For obvious reasons, the news has lately led me to thinking about Humbert Humbert.
Humbert, you may remember, is the non-hero of Vladimir Nabokov's Lolita, the novel about a pedophile who falls in love with a 12-year-old girl and marries her mother to be in closer proximity to the object of his affection. It caused much consternation when first published by Maurice Girodias' Olympia Press -- publishers of The Story of O -- in 1955. French authorities quickly banned the book, and the English followed suit, passing an obscenity law specifically designed to thwart its publication. (After Graham Greene, writing in the London Sunday Times, called it one of the best books of 1955, John Gordon, editor of the London Sunday Express, declared it the "filthiest" book he had ever read.)
Though it wasn't banned in the United States, several major publishers -- Viking, Simon & Schuster, New Directions and Farrar, Straus & Giroux -- reluctantly turned it down. It wasn't published here until 1958, amid great publicity and controversy (by G. P. Putnam's Sons).
Writing in the New York Times, Orville Prescott said that Nabokov "particularly lucky because his book was not censored in the United States, but in France of all places. What more could he hope for?")
Lolita was a sensation. It became the first novel since 1936's Gone With the Wind to sell 100,000 copies in its first three weeks. It was notorious, and it's a measure of how far we're fallen as a society to think that it elicited the same sort of popular prurient interest as Fifty Shades of Grey.
A lot of people who rushed out to buy Nabokov's novel were disappointed. For despite the lurid premise -- after the girl's mother dies, Humbert and young Dolly Haze (whom he calls "Lolita") light out for the territory on a road trip through an American hellscape littered with motor courts and roadside attractions pursued by another pedophile, a bizarre playwright named Claire Quilty -- Nabokov's book is highly moral. It contains no coarse words and would seem to be thoroughly useless to readers who might look to it as a source of titillation. Its sex scenes are explicit only in the sense that Nabokov has perfect command of language and understands the sensual possibilities of rubbing noun against verb. In her New York Times review, Elizabeth Janeway wrote: "As for its pornographic content, I can think of few volumes more likely to quench the flames of lust than this exact and immediate description of its consequences."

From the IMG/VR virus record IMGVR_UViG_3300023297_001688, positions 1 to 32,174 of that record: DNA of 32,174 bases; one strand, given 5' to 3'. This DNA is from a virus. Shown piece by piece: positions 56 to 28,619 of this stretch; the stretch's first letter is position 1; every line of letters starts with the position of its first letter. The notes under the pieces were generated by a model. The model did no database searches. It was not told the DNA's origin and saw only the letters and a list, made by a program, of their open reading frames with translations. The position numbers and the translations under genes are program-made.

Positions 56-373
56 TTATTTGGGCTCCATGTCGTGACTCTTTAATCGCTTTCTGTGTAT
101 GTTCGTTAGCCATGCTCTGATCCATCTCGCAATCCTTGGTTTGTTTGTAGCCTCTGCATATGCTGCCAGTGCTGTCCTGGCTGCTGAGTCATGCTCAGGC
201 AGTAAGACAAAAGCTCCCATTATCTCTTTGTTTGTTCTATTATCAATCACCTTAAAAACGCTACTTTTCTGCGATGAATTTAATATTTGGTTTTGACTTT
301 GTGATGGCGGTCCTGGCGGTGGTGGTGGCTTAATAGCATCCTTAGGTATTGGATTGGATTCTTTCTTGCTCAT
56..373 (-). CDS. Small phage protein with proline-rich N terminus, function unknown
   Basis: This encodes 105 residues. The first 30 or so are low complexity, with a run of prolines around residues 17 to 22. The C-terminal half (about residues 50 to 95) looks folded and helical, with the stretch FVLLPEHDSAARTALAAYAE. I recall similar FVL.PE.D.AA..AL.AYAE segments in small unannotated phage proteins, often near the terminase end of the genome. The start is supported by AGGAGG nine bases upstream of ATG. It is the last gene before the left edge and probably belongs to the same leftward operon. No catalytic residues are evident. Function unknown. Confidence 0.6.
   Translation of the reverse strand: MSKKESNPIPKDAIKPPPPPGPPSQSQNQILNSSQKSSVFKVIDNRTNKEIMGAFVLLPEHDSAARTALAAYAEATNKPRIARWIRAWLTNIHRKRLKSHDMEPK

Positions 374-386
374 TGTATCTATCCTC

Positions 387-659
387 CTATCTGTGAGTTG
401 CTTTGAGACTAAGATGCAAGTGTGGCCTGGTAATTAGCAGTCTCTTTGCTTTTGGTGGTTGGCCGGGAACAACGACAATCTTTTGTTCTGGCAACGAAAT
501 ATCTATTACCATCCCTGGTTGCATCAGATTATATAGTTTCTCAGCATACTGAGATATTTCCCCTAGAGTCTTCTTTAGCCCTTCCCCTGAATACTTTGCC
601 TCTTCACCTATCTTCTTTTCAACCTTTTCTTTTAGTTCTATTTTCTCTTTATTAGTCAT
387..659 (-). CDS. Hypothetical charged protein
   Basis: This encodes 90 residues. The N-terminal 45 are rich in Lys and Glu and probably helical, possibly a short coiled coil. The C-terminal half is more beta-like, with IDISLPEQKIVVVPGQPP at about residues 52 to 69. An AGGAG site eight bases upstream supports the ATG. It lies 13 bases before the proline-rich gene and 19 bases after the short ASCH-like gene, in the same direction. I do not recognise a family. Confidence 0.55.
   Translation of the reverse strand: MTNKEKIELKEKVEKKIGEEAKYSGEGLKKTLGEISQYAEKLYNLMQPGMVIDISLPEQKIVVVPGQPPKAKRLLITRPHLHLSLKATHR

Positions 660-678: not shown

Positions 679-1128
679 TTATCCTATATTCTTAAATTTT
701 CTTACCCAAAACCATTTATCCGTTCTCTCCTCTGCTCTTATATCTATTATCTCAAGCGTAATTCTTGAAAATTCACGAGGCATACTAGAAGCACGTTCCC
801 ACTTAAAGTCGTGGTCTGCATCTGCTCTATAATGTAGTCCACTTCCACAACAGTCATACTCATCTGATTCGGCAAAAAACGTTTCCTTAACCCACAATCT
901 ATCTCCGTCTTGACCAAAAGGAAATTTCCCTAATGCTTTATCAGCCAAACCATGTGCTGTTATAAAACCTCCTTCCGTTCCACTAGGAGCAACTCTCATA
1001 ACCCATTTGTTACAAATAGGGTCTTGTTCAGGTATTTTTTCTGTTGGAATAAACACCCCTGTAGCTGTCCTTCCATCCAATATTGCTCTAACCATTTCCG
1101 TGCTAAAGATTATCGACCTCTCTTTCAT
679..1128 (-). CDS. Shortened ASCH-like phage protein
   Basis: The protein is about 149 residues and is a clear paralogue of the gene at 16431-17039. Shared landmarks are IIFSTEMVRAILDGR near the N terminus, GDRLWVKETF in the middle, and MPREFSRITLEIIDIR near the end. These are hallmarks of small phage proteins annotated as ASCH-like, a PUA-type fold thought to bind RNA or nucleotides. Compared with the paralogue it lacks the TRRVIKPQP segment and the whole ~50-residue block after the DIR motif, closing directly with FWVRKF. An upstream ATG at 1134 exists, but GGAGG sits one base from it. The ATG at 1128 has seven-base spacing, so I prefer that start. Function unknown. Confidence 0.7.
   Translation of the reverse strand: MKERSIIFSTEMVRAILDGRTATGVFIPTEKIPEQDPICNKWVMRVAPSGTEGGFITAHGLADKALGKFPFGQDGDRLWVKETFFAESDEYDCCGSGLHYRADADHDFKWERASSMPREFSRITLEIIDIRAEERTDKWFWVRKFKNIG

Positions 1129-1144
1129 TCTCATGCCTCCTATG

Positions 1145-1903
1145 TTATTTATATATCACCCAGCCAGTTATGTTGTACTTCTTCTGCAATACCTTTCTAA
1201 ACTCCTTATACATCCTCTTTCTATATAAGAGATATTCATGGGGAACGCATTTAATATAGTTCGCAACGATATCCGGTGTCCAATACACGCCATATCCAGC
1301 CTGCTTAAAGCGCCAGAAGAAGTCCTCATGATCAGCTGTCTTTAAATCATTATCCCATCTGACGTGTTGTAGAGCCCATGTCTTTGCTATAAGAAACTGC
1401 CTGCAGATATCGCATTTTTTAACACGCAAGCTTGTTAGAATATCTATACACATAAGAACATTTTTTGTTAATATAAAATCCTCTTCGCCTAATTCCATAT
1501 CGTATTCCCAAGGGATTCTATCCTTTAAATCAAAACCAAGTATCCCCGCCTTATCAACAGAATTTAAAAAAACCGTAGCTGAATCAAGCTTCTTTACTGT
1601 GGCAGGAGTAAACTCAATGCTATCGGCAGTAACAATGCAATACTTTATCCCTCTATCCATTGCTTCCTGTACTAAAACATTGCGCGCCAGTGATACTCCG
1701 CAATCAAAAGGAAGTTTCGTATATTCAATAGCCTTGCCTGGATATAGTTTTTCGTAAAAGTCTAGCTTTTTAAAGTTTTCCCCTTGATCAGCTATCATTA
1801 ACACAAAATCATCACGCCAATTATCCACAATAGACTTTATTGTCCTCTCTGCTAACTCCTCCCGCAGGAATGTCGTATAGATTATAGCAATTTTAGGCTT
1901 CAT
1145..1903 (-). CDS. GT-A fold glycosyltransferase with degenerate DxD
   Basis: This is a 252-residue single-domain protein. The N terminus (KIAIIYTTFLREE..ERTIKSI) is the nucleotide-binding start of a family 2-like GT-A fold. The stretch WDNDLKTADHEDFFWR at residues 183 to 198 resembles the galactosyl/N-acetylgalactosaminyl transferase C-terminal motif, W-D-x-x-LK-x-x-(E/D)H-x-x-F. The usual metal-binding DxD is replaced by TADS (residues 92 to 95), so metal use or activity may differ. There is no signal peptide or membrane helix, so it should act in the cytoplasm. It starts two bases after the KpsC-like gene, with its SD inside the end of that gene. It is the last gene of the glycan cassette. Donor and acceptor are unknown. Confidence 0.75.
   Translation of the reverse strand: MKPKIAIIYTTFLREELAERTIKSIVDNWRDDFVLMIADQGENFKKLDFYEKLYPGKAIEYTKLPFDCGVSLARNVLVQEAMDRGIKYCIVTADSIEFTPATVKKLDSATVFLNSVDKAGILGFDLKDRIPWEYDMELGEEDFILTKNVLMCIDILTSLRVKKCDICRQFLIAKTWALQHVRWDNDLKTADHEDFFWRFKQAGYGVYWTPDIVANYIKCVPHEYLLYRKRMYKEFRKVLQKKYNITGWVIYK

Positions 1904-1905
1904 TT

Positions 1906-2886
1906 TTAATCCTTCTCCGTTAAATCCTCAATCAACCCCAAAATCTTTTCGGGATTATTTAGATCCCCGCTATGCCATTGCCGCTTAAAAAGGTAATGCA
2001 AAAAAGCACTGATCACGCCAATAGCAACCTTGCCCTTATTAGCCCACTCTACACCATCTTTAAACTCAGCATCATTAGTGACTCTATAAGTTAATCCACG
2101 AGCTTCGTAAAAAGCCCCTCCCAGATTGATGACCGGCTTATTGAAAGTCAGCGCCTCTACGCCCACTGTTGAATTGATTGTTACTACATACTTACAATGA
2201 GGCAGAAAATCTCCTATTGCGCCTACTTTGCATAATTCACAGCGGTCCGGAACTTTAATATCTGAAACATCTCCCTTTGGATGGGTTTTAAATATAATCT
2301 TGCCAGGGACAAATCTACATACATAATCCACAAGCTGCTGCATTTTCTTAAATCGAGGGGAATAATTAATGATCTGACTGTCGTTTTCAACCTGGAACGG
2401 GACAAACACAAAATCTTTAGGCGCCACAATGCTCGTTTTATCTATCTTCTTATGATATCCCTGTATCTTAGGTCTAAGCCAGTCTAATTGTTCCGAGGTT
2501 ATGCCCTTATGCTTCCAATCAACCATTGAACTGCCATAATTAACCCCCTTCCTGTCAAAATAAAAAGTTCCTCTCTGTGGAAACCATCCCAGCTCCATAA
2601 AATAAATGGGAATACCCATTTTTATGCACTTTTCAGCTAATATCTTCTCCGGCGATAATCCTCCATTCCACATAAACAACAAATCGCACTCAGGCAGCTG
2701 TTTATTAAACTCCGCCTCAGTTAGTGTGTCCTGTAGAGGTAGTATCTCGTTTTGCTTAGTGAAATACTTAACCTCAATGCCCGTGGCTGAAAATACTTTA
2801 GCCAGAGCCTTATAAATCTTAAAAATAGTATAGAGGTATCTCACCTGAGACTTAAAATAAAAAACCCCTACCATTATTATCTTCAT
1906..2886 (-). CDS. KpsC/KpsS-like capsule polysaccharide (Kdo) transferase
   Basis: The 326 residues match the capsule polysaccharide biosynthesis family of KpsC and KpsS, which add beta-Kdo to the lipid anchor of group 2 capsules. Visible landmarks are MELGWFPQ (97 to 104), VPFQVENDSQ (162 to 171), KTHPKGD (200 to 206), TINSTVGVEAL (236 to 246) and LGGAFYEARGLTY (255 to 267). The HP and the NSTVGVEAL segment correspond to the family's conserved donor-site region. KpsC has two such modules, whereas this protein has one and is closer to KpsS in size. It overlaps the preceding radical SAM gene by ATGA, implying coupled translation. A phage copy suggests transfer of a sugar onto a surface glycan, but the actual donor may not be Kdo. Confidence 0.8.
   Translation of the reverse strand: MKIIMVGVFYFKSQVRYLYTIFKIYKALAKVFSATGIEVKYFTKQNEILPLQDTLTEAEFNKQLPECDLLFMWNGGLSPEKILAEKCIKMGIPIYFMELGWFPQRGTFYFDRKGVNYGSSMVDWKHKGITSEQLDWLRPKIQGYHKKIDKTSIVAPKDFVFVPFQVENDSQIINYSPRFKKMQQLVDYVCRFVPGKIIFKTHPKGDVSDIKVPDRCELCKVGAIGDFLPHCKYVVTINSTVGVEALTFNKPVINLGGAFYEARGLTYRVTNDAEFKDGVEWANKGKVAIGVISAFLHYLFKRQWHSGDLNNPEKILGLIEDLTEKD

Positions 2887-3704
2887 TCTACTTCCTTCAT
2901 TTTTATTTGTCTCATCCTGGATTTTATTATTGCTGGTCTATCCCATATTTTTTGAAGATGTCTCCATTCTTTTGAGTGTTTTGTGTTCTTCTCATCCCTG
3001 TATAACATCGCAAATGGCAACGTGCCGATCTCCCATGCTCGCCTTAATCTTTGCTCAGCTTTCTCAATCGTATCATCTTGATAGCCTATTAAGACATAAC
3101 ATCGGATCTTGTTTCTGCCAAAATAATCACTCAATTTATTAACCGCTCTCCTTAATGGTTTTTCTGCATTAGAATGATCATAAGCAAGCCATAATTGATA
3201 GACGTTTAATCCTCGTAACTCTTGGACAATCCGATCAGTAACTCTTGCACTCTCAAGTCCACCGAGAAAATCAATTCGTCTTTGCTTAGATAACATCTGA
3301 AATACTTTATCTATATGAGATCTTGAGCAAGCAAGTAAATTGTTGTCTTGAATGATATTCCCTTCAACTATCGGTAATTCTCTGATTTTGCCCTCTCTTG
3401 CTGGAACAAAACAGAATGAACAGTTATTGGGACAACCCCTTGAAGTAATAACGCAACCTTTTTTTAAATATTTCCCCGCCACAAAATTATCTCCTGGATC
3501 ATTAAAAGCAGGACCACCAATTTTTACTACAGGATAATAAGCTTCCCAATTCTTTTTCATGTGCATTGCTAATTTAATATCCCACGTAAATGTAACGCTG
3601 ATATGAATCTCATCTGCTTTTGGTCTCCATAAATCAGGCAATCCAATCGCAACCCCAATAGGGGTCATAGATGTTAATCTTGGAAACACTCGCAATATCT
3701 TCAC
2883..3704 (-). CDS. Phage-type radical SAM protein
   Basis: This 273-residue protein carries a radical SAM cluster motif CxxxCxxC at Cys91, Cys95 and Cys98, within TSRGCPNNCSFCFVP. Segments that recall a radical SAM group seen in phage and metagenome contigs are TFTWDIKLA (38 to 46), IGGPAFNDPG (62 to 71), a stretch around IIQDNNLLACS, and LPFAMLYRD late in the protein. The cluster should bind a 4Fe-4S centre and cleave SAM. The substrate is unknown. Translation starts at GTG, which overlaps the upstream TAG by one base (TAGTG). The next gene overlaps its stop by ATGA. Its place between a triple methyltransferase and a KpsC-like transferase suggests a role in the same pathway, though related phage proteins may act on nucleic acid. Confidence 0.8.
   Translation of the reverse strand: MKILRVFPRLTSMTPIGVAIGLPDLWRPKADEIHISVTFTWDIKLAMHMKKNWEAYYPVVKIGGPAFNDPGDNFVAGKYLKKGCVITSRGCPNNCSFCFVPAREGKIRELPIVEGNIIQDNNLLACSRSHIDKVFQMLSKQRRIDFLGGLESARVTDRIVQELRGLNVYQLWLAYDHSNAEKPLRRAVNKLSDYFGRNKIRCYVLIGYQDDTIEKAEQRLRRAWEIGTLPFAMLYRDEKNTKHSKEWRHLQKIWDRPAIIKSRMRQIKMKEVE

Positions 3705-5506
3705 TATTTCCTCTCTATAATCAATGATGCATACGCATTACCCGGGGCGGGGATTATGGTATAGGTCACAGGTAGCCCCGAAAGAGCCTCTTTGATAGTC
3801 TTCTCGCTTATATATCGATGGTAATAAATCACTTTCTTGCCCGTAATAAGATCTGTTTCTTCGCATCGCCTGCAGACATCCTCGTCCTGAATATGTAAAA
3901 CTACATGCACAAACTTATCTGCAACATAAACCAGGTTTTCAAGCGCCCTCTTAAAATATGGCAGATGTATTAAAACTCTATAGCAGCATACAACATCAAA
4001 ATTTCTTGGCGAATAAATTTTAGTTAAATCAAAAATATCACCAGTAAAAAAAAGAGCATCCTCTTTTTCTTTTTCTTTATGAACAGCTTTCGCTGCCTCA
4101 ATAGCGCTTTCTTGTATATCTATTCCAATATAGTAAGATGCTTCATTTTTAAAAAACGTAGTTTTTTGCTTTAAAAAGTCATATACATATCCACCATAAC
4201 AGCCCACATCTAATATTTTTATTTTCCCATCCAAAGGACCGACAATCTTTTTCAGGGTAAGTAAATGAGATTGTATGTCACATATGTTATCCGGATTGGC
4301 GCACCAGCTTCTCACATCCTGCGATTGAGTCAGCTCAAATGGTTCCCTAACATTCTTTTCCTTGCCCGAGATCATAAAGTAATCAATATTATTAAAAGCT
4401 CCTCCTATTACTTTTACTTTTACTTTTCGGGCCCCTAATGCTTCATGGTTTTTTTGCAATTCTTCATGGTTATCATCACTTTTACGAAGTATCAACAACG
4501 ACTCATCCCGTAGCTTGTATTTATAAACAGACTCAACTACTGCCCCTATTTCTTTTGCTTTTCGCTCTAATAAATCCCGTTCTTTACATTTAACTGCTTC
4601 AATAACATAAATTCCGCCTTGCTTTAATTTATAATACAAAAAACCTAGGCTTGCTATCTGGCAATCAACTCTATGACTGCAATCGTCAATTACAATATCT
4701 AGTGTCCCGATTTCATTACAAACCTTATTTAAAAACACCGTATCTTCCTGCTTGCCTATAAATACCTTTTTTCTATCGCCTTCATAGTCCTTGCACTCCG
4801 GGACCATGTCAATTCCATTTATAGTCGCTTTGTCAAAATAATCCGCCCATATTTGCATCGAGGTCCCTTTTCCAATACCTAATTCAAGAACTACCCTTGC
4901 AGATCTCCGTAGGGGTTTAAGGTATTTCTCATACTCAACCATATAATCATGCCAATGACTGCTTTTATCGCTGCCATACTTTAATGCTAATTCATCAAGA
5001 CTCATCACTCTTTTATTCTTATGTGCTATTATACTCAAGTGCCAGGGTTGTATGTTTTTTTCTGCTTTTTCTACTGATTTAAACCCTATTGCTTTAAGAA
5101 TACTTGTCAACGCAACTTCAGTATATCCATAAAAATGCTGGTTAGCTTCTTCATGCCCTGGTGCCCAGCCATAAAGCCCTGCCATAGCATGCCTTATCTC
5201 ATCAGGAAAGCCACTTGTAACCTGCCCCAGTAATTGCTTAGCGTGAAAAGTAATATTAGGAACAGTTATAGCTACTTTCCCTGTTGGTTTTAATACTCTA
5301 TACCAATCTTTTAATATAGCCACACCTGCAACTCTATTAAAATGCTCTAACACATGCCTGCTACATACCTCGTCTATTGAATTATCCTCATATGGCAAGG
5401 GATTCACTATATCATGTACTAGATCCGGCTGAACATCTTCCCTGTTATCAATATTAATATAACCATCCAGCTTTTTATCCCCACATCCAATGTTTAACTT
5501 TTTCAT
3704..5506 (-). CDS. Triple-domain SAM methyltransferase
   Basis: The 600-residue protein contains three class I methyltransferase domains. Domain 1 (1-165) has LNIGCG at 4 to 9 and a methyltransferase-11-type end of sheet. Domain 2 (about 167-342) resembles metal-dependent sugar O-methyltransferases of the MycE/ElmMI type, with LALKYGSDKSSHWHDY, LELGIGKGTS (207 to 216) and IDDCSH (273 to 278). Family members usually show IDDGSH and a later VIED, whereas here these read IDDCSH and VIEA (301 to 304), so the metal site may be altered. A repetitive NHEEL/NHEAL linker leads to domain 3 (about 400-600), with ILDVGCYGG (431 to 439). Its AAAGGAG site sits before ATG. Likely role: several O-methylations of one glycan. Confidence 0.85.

William F. Buckley understood the moral nature of Nabokov's work and rewarded the author with a lifetime subscription to National Review.
Since Lolita was such a popular novel, a film version was inevitable. No matter how problematic it was under the circumstances. Stanley Kubrick's 1962 movie version has a lot to offer, including fine performances by James Mason as the hedonistic Humbert, Peter Sellers as the shadowy, surreal Quilty, and Shelley Winters as the harpy Humbert marries to be near her daughter. But it was necessarily a severely compromised affair.
To begin with, it was shot in Europe, which robbed it of the American vastness essential to the book. (Lolita is in many ways an escape tale like Twain's Huckleberry Finn or Kerouac's On the Road.) But even more importantly, the crucial relationship is practically disarmed. In Kubrick's movie, Humbert and Lolita (played as a 14-year-old, not a 12-year-old, by then-18-year-old Sue Lyon) never even kiss. And Lyon's Lolita is a far more adult object than Nabokov had in mind (though the author did not object to the casting; he insisted that an older actress play the girl -- "let them get a dwarfess," he wrote). A certain sophisticated slatternliness emanates from her curly pedal-pusher poses; as Lyon rolls the lollipop in her mouth, she is more predator than game.
And Mason's cultured Humbert seems more an art lover than a pervert. What red-blooded man could be expected to resist the lures of this Lolita? Lyon is something, for sure, but she is not the 12-year-old Dolly Haze Nabokov crafted from black marks on paper. Nabokov considered Kubrick's Lolita a "first-rate film with magnificent actors" and acknowledged the difficulties of translating his novel to "the speaking screen."
"How can they make a movie of Lolita?" the promotional posters asked. Turns out they couldn't; Kubrick only used a few pages of the script Nabokov wrote. (When soft-core auteur Adrian Lyne --Fatal Attraction, 9 1/2 Weeks, Indecent Proposal -- tried again in 1997, he was marginally more successful at conveying the sense of taboo eroticism, but he had great difficulty getting his version in American cinemas. It made its American premiere on the Showtime cable network.)
Nabokov never underplayed the monstrousness ofHumbert. He lays it all out in the novel's meta-fictional foreword supposedly written by a psychologist he calls John Ray, who introduces the text that follows as the work of a "demented diarist." Nabokov, through Ray, makes it clear that Dolly Haze was a 12-year-old ravaged by a deluded man who rationalized his inappropriate desires by deciding the girl was a seductive "nymphet."